Marco Scutaro holds his NLCS MVP trophy for all to see.
Consider the headline above as a top candidate for "Title I never thought I'd write this season."
On Monday night, the San Francisco Giants completed what can best be described as a historic comeback, slaying the mighty St. Louis Cardinals to win the National League pennant. Prior to Game 7, the Giants had won only a single non-elimination game in this year's postseason.
They overcame an 0-2 deficit to the Cincinnati Reds, winning three straight games on the road to propel them into the NLCS. Then came the Cardinals, who got San Francisco into a 3-1 hole before Barry Zito toed the dirt in Game 5 on Friday night.
To be a team of destiny, things must set up in a way that goes beyond the probable and into the legendary. Barry Zito fits this requirement. His 7.2 innings of shutout baseball against a team as potent as St. Louis far exceeded the expectations of fans hoping Zito might last two or three before Bruce Bochy came to get him.
Not only did Zito earn redemption on baseball's largest stage, but he even helped his own cause with an RBI bunt single in the fourth. To put the rarity of that RBI in perspective, it was the ninth of his entire career (via baseball-reference.com).
Moving down the rotation, Ryan Vogelsong is another player who helped San Francisco make history in the NLCS. He won both of his starts against St. Louis, which is all the more impressive when you consider that Vogelsong entered the postseason having lost five of his last seven games.
You can credit the Rally Enchiladas (via Bill Shaikin of the Los Angeles Times), but for a player who only two seasons ago had washed out of the major leagues and was pitching abroad, the rise of Vogelsong is nothing short of extraordinary.
And then there was Marco Scutaro. Scutaro came to San Francisco in a July 28 trade that saw prospect Charlie Culberson get sent to Colorado (via ESPN.com). He appeared to be an adequate replacement for the second base issue that had plagued the Giants since Freddy Sanchez hit the disabled list in 2011. What he actually was is akin to how Cody Ross ignited the club in 2010 (and also took home NLCS MVP honors for his efforts): A player with talent but not a pedigree that thrives at AT&T Park and becomes the lifeblood of his squad during their playoff run.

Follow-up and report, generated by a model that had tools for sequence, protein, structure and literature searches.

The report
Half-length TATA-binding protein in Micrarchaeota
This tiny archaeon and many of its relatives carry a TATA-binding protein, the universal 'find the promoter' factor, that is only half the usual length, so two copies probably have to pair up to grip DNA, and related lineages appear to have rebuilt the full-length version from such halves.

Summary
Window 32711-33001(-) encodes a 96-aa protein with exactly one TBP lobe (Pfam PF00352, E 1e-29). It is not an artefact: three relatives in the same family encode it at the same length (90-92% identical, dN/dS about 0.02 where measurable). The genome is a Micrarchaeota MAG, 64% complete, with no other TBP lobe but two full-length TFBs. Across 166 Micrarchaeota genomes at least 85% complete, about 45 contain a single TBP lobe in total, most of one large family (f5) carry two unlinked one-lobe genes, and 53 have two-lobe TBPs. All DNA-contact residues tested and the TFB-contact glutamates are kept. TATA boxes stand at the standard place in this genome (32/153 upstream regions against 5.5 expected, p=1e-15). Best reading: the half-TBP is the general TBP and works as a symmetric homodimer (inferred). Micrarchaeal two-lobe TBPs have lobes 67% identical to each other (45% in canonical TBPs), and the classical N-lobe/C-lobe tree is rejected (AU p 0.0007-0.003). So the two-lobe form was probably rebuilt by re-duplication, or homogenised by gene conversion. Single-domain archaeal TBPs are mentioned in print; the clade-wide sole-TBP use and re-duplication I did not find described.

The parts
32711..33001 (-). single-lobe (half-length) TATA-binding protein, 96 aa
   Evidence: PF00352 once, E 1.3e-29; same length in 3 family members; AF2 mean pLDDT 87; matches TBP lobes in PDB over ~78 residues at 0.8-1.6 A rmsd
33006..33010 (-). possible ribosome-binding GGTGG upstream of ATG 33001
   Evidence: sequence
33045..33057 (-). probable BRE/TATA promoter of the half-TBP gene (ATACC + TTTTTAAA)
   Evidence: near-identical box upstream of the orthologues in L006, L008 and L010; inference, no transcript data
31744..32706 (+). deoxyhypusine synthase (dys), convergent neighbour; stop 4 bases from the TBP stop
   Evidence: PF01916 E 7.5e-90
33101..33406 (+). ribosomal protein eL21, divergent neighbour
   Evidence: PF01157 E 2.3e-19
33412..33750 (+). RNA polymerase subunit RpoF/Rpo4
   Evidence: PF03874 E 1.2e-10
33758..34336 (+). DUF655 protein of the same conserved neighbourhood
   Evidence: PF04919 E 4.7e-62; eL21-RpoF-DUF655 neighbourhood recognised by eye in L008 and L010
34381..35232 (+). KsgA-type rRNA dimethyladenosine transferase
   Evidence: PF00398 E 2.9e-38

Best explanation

You can't manufacture a player like Ross or Scutaro. It has to happen organically, almost by accident. Brian Sabean can spin his signing of Scutaro any way he likes, but you can be sure he never expected Scutaro to hit .500 and tie a League Championship Series record with 14 hits (via Fox News Latino).
Scutaro is the epitome of the destiny player, a figure who finds his team at a pivotal moment (roughly two weeks before the Giants would lose Melky Cabrera to his PED suspension) and delivers in a way that throws his career statistics out the window.
Baseball is a beautiful game. There is heartbreak and elation, and no guarantee that they'll come in equal doses. The Giants won a pennant that no one believed they could when Vogelsong took the mound in Cincinnati for Game 3 of the NLDS. The Giants won a pennant that few could imagine was within their grasps when Barry Zito stared down John Jay in the bottom of the first in Game 5 of the NLCS. The Giants won a pennant as their fans watched on in euphoria, rain driving down as Marco Scutaro caught a pop fly from Matt Holliday.
Destiny will get you only so far, and the Detroit Tigers won't be feeling very sentimental when they take the field in San Francisco tomorrow night. There is no way to know which team will prevail, but what we do know is that the Giants won't lose. They've already won. A championship would be wonderful, but there will always be a pennant marked 2012 to remind them of what they achieved.
That is the stuff of destiny.